How many followers would Lin Dan have, had he an Instagram profile?

How many followers would Lin Dan have, had he an Instagram profile?

What if…? Since Instagram and other social media are not accessible in China, its top athletes have to use local solutions. Lin Dan is one of the China’s top marketable athletes that has become a two-time Olympic, five-time World, as well as a six-time All England champion. Marketers could use his image cause badminton is the second most popular sport in the world, but it seems like it is not being used to its full potential, which is why I am curious.

Data and Model’s Assumptions

I’ve made a linear regression model that tries to answer that question theoretically based on the number of followers other badminton players have considering their age, home country population, and career earnings from Badminton World Federation’s profiles, assuming that earnings correlate with fame the players get. For instance, badminton is big in Indonesia and young sportsmen are followed by a million people but the official profile of retired Taufik Hidayat only has under 190k followers currently, so one can assume that age correlates rather negatively, which I would say because older people seem to be reluctant to start and maintain a social media profile. I also assume that the number of followers positively correlates with a home country’s population, thus, the model assumes that Instagram is accessible in China.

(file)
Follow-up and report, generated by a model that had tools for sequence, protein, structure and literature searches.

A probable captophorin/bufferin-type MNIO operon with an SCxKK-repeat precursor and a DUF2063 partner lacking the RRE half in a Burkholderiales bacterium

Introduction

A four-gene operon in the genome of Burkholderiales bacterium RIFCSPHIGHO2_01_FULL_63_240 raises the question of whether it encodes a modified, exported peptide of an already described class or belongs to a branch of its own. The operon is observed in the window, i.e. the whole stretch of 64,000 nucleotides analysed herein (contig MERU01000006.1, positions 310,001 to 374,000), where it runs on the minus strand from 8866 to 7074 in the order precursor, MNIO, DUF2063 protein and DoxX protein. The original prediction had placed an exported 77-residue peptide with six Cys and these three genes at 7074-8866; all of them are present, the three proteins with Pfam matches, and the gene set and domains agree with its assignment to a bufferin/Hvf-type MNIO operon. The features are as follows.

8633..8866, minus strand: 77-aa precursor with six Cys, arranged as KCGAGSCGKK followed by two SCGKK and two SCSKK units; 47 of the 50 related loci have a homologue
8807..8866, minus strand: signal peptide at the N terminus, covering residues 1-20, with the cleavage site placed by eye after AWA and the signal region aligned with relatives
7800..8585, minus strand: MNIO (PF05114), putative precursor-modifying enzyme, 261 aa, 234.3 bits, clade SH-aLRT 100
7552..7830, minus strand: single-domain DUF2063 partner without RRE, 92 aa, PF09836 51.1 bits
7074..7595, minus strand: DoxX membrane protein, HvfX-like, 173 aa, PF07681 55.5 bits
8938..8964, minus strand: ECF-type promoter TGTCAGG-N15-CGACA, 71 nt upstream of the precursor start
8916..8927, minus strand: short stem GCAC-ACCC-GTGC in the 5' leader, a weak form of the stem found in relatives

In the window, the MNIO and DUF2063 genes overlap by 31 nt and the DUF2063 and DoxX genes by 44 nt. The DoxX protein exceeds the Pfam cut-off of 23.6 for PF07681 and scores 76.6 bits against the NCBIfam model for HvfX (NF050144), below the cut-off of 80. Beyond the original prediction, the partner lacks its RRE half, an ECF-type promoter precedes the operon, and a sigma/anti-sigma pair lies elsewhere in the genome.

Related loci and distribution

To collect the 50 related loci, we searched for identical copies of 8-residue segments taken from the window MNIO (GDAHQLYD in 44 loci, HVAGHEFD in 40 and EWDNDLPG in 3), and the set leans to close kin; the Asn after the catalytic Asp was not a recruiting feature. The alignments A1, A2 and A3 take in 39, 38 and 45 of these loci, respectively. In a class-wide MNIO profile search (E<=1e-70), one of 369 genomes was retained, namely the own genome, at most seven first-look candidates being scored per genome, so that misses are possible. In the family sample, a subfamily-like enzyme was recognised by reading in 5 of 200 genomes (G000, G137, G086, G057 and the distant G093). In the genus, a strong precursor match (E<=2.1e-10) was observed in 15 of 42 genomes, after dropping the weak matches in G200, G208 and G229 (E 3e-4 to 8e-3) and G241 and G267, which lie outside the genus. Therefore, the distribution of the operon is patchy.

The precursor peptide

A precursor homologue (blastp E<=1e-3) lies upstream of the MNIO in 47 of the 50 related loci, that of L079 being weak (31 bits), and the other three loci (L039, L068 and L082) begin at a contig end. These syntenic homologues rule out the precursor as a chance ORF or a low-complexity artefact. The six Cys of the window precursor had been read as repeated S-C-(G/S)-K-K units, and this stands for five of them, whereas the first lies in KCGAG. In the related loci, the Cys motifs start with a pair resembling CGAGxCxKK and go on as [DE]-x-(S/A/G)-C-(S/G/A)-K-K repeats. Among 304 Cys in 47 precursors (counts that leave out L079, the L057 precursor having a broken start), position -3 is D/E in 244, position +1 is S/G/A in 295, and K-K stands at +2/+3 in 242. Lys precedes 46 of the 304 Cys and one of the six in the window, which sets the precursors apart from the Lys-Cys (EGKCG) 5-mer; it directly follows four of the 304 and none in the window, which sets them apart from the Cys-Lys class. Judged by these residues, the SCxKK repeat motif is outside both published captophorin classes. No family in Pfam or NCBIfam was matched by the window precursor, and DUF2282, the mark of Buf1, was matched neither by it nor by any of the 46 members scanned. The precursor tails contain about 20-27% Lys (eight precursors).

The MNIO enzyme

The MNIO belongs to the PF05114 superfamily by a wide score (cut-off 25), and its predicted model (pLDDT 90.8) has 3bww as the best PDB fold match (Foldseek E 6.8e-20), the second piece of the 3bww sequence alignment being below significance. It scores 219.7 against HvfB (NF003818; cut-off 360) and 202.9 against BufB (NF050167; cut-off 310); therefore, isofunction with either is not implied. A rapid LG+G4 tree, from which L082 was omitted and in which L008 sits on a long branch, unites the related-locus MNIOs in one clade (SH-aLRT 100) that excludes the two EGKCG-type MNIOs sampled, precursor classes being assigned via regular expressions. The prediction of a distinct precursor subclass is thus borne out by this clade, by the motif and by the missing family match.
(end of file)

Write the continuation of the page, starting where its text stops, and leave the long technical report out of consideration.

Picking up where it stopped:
I used the list of countries by population (United Nations) to merge it with previously gathered data of badminton players which includes country, career earnings, birth year and followers.

That is of course considering they had registered their instagram profiles at around the same time and kept them public, cause time is of importance to accumulate followers.

Regression Analysis Results

linearmodel <- lm(Followers~Population2017+CareerEarnings+Age, data=model)


Residual standard error: 360300 on 44 degrees of freedom

Multiple R-squared: 0.2604, Adjusted R-squared: 0.21 F-statistic: 5.164 on 3 and 44 DF,  p-value: 0.003813

p-value suggests that the model is statistically significant as it is smaller than any common level of significance, so I can assume that prediction results are explained by the model.

Now I have also prepared a sample with unknown to see how this linear regression model works: image

Running predict(linearmodel,prediction) results in:

Chen Long: 878529.1
Shi Yuqi: 768120.9
Lin Dan: 596571.1
Taufik Hidayat: NA
Son Wan Ho: 166731.7
Lee Yong Dae: 300816.6

Interpretation of Results

Son Wan Ho and Lee Yong Dae are from Korea which explains the reason why they would have less followers even when their career earnings are comparable to Chinese players, age here works in favor of Shi Yuqi and against Lin Dan, who would have 600k followers approximately and whose number is comparable to Lee Chong Wei’s 529k at the time of data collection, while Chen Long’s career earnings would make him the most followed player in the sample, as he’s a 30-year-old 1-time Olympic and 2-time world champion. 

You may ask ‘why do Chinese players not have much more followers here?’, because Indian players are there in the dataset with comparable population but their players do not get as much attention as Indonesians get from their supporters.

Now, Taufik Hidayat’s BWF Profile doesn’t show his career earnings, and it is quite absurd to calculate money that he earned based on Indonesia’s population, his instagram followers and age but let’s do it for fun:

CareerEarn <- lm(CareerEarnings~Population2017+Followers+Age, data=model)
TaufikHCareerEarn <- predict(CareerEarn, prediction[4,])


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